There once was a time – within living memory for many of us – when you could go to a place of worship and have a reasonable sense of what to expect during a service and not be taken aback by something that seemed out of place. Those days are rapidly disappearing and it is increasingly the norm that there are no norms for a service of praise. This should give us pause for thought.

For those of us who are pastors, one of our regular responsibilities is to use scripture to minister to the specific needs of our people. This should never merely be spiritual equivalent of offering placebos to those who are struggling – a kind of psycho-spiritual pick-me-up to make them feel better about themselves. Quite the opposite, the verse or passage we may read to our members should be explained and applied in a way that shows them there is substance in the words offered to them.

This month, the Alliance is pleased to offer a free MP3 download of Discipleship from the Alliance Teaching Series. Curated from years of biblical teaching, Discipleship presents listeners with thirteen encouraging messages on sanctification, the Church, and the Christian life. Download your copy here! 

Our featured resource this month is The God of Creation – Truth and Gospel in Genesis 1 by Richard Phillips. We've discounted the price, so get your copy at Reformed Resources today!

There’s something of a progression when one moves from the first commandment  – “You shall have no other gods before me” – to the second commandment forbidding the making and worship of idols. It’s a move delineating how the one true God is to be worshipped. And it tells us something about God. Namely, that the Creator God is a spirit, invisible, infinite, and holy. In other words, there’s an unholy absurdity in making a finite representation of an infinite and immense God.

The full commandment, promises and all, reads thus:

“As long as he believes in something, that is what’s important.”

With those words the man in front of me simultaneously dismissed the authority of God and justified a younger relative who had embraced an animistic system of belief. For the older gentlemen, it was the act of believing in something supernatural that mattered, not the object of that belief itself.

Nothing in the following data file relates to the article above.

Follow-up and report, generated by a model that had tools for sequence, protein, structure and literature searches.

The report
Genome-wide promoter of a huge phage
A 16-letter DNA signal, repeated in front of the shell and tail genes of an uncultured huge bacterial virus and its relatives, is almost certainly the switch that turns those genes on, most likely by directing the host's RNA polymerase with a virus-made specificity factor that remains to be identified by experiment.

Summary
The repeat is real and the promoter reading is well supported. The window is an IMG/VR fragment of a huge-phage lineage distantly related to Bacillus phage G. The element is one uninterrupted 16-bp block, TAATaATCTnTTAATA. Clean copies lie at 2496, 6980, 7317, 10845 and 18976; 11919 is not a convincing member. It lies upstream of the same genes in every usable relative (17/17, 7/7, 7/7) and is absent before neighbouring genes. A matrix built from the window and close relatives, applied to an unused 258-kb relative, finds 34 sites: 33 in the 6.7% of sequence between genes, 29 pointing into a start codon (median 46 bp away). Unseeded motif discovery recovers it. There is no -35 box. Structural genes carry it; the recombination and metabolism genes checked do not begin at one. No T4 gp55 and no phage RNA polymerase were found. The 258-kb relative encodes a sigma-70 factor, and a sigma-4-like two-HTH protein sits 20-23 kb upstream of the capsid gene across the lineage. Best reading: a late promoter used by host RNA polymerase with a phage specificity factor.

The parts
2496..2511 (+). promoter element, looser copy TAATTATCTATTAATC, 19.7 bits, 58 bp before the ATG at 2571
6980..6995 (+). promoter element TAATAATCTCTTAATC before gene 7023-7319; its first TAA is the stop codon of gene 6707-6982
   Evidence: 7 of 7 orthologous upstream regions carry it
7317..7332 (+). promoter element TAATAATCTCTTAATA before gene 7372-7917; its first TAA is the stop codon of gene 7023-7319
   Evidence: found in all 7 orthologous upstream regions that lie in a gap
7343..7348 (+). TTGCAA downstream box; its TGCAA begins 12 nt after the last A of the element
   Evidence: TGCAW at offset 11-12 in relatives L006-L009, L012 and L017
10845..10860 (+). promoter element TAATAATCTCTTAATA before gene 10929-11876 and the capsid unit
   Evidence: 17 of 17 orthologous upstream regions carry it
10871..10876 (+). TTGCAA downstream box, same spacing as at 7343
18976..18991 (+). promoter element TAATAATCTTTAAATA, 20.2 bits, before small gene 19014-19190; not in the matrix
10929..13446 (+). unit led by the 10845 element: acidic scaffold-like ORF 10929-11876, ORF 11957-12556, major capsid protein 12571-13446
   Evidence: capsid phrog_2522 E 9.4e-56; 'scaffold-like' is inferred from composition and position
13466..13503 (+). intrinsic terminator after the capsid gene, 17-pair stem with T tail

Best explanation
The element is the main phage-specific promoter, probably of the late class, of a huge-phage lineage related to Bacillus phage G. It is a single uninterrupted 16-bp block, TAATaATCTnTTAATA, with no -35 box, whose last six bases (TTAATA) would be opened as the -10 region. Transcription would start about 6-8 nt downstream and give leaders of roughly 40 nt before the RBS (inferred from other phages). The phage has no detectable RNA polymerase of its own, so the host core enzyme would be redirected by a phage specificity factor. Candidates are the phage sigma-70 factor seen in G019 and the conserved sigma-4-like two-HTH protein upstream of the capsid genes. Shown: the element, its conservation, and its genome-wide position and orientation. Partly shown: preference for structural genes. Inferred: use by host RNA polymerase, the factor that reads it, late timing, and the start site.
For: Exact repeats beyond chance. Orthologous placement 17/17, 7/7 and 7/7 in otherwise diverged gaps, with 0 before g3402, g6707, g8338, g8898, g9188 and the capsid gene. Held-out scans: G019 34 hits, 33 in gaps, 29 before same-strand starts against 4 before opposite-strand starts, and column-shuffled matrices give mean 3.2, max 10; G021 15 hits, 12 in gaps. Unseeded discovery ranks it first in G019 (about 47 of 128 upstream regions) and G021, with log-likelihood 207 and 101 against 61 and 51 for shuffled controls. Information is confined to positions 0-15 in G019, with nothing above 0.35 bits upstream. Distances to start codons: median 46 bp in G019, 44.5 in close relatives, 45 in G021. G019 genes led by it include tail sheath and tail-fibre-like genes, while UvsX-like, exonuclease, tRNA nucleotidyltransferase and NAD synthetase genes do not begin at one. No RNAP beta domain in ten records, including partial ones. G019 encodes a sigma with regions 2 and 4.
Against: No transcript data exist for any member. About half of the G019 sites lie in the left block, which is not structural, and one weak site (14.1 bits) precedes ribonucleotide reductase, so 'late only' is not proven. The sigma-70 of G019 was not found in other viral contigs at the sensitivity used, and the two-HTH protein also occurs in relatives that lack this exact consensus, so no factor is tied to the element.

God Without Passions

What do we mean when we say that God is without passion…that He’s indifferent to His creation? Is God moved by anyone or anything? How should we handle the difficult Bible passages that seem to contradict the doctrine of impassibility? 

Divine Knowledge

Jonathan and James share an informal conversation about the knowledge of God. 

What are we really saying when we claim that God knows all things? What’s the scope of God’s knowledge? Is God continuously learning everything at the moment it happens? 

James affirms that God is “uneducated”—what does he mean by that? Join us for another mind-expanding episode of Theology on the Go!

 

Editor's Note: This post has been adapted with permission from Meet the Puritans, available at ReformedResources.org. While there, be sure to also check out William Perkins: Architect of Puritansim.

Satan tempts us to excuse or ignore our sin by showing us the sins of great men. We need not turn to tabloid newspapers to read of such sins; the Bible will suffice. Noah got drunk. Abraham lied. Jacob deceived his father and cheated his brother. David committed adultery and murder. Peter denied the Lord Jesus Christ and behaved hypocritically toward Gentile Christians. Satan tells us that such examples prove sin comes with few negative consequences.